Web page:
I love this question because I enjoy talking about my current career and role as Head of Women Investors at Fidelity. I have been fortunate to have great jobs throughout my career, each with increasing opportunity to solve customer challenges and build customer experiences that drive business results. Given the growing demands of my career, while simultaneously growing my family at home — 3 kids, 2 dogs, 1 cat! — I had so much going on that I took a divide and conquer approach with my husband, divvying up responsibilities. And that ended up with him handling the majority of the financial planning and investing decisions. It was about five years ago, when I started working at Fidelity, that I realized that my husband and I needed to get on the same page about our money and goals (retirement, college, vacation, etc.), and then we needed to make sure our money was invested to achieve those goals. Thank goodness I did — the money stress I felt previously was significantly reduced, just by getting more involved. I also felt a lot more confident about our future overall, because I knew I was now making my money work as hard as I did. A few years into my career at Fidelity, the opportunity to lead our women investors effort became available. And now I have the pleasure of working with an organization that is committed to helping all women make their money work as hard as they do!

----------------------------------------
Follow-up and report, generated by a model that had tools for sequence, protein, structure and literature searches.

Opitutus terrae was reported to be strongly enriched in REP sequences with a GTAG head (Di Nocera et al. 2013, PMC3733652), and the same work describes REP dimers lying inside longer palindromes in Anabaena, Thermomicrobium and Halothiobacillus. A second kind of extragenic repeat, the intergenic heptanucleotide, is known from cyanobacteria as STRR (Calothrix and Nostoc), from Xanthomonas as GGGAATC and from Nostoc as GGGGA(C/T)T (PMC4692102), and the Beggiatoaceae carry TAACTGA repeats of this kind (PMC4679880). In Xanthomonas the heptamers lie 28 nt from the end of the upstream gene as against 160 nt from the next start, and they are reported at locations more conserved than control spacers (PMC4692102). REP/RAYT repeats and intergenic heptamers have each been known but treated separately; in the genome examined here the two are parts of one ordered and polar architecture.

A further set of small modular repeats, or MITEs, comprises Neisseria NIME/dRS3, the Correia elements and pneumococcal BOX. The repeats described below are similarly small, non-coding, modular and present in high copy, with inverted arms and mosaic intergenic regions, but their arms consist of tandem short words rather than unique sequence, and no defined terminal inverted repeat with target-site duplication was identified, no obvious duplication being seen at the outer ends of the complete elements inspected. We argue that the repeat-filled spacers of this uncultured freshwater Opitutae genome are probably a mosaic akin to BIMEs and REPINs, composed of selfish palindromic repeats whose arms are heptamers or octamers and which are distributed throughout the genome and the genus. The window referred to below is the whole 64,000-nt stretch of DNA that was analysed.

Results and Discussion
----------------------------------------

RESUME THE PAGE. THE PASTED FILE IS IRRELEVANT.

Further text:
Can you share the most interesting story that happened to you since you started at your company?

One of my most memorable and impactful moments happened in my first year at Fidelity. I had moved to Massachusetts from upstate New York, which was my third move, with 3 young children (5, 7 and 9 years old) in less than 8 years. I started at Fidelity a couple months after we moved into our new house and the kids started at their new school. About six months in, two of my three children were still really struggling with our move and their transitions to the new school. It was severe enough that I knew I needed to make a tough decision: I needed to put my career on hold to focus on my kids. Since I had only started six months earlier, a leave of absence was not a policy option, so I thought I had to quit. But when I approached my leader, he was immediately understanding and supportive. He told me, ‘take the time you need, focus on family, we want you here.’ He and the organization worked with me to make it happen. And those who became aware of my situation reached out with personal stories, recommendations and kind ears. Fidelity provided me the time I needed to take care of my family and enabled me to come back to a career I love.